Ian Le Marquand, who is also a former Home Affairs Minister, told the Independent Jersey Care Inquiry that there were occasions when children were sent to Les Chênes remand centre who should not have been.
Continuing his evidence, which began on Tuesday afternoon, Mr Le Marquand told the inquiry that a lack of space at children's homes and an unwillingness among the staff to take the youngsters meant that they were sent to Les Chênes.
He said: 'Sometimes there simply wasn't anywhere appropriate for youngsters to go to.
'Obviously the default position, if parents weren't willing to have the youngster... would be one of the children's homes, but sometimes the children's home would say: "We can't manage them; we can't cope with them; it is not appropriate for them to come back to us."'
When asked by inquiry counsel Patrick Sadd whether that meant children were placed in remand who would not normally have been, had there been appropriate facilities, Mr Le Marquand replied: 'Yes, absolutely, because the alternative was to send them back into either a situation where they were going to immediately abscond and run away or immediately misbehave.'
Mr Le Marquand, who had earlier told the inquiry that he did not believe that its recommendations would be implemented fully, added that Les Chênes was inadequate as a remand centre and that children could escape.
He said: 'Fundamentally, whilst we had no option but to remand children there, the building at Les Chênes was not designed to adequately serve a remand function.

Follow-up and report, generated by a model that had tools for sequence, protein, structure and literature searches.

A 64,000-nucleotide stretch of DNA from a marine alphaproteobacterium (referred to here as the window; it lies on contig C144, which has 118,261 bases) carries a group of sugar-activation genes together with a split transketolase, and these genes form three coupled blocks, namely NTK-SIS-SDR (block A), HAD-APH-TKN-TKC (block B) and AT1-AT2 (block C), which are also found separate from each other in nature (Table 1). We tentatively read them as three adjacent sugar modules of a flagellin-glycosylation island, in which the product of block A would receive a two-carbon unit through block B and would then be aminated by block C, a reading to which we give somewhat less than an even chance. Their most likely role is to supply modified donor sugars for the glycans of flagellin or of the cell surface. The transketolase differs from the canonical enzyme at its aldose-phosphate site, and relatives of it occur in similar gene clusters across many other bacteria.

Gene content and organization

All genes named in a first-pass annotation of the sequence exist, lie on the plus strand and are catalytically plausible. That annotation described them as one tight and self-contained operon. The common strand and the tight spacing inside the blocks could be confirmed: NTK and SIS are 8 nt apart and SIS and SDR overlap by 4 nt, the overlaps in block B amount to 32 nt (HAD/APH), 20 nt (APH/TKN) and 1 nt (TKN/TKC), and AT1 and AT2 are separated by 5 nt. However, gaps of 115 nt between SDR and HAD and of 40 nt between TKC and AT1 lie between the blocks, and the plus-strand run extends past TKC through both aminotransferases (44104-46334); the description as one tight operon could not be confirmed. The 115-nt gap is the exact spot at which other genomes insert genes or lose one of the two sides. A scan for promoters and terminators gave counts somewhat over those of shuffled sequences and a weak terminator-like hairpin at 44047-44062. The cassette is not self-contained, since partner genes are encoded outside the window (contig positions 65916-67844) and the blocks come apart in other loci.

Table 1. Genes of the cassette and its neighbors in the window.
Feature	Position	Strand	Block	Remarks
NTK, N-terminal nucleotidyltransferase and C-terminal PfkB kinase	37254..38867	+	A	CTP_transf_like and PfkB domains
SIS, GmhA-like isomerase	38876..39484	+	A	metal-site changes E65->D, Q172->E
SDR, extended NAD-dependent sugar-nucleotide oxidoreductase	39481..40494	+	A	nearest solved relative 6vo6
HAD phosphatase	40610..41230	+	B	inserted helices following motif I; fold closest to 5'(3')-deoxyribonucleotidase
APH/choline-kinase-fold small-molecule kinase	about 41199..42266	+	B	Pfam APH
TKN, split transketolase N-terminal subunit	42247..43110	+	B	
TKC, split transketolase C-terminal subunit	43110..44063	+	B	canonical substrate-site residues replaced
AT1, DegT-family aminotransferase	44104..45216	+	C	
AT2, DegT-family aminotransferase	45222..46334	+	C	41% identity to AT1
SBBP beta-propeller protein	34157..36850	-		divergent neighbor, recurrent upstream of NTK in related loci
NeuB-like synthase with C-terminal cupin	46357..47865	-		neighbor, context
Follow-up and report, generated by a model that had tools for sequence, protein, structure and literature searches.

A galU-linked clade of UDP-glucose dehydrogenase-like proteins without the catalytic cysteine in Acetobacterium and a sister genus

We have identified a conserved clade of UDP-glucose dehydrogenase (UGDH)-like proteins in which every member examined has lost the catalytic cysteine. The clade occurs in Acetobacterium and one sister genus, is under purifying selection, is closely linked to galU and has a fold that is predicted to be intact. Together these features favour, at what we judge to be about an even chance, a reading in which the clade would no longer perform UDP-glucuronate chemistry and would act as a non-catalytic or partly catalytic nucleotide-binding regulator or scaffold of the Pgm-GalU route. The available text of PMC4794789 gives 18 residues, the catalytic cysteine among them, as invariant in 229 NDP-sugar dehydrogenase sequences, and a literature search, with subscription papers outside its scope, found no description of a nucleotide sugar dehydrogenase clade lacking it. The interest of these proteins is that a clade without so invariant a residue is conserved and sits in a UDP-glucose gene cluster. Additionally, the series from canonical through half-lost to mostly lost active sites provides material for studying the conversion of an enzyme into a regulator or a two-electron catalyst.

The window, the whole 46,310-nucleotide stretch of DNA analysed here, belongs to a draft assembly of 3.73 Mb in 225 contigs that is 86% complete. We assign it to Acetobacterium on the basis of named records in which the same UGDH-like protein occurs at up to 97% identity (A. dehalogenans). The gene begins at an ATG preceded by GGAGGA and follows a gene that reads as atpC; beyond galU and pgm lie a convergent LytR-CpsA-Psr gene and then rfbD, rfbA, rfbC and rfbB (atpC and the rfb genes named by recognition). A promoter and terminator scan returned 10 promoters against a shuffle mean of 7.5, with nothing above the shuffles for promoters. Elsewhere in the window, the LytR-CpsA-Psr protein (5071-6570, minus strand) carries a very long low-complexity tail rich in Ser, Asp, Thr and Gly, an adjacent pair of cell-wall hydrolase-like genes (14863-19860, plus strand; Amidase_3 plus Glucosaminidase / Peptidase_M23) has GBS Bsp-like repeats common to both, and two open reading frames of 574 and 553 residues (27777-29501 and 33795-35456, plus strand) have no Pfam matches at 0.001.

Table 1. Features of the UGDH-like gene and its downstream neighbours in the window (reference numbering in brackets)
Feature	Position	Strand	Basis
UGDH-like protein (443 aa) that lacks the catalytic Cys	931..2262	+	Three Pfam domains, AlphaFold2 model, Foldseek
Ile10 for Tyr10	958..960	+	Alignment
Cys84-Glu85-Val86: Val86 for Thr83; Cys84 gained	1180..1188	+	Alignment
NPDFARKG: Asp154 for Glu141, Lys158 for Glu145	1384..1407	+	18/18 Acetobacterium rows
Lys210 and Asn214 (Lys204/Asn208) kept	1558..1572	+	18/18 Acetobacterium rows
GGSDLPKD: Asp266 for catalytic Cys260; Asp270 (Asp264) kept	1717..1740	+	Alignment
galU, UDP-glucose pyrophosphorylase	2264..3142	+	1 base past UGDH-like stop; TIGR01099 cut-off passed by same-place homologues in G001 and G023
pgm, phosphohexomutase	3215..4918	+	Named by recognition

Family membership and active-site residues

'A remand centre ought to be secure – Les Chênes was not.
'The use of cells at Les Chênes was driven by its general inadequacy as a remand centre.'
'It's not satisfactory, and I think what happened was, recognising the weaknesses of the security of the premises, that some adjustments were made to the building.'
Tuesday 3 November
Paedophiles honorary post should have been revoked
A CONVICTED paedophile should have had his appointment to the honorary police revoked but the then Attorney General Sir Philip Bailhache failed to act when he became aware of the offence, a former St Helier Constable has said.
Speaking at the Independent Jersey Care Inquiry, Bob Le Brocq, who was St Helier Constable between 1992 and 2001, said that he, and his former Chef de Police Ted Gallichan, were eventually made to be 'scapegoats' for Roger Holland's appointment to the honorary police in 1992.
In 1986, Holland was given 12 months' probation for indecently assaulting a 14-year-old girl. He was subsequently found guilty of further offences, including some which were committed during his time as an honorary officer.
Holland was sworn in to the honorary police by the Royal Court.
The inquiry heard that shortly after the swearing in, Sir Philip received an anonymous letter expressing concern at Holland's appointment given his conviction.
In evidence given to a committee of inquiry set up in 2002 to investigate the handling of Holland's involvement with the honorary police, Sir Philip said that even if he had been aware of the 1986 conviction, he would still 'likely have agreed' to the appointment.
He reportedly told that inquiry that, in his view, the Magistrate who sentenced Holland had decided that the offence was 'clearly not very serious' as it had only resulted in a probation order and that given the incident had been six years before the appointment, his conviction had been effectively regarded as spent.
Mr Le Brocq and the former Chef de Police Ted Gallichan were investigated in the early 2000s over claims that they failed to act properly over further allegations made against Holland.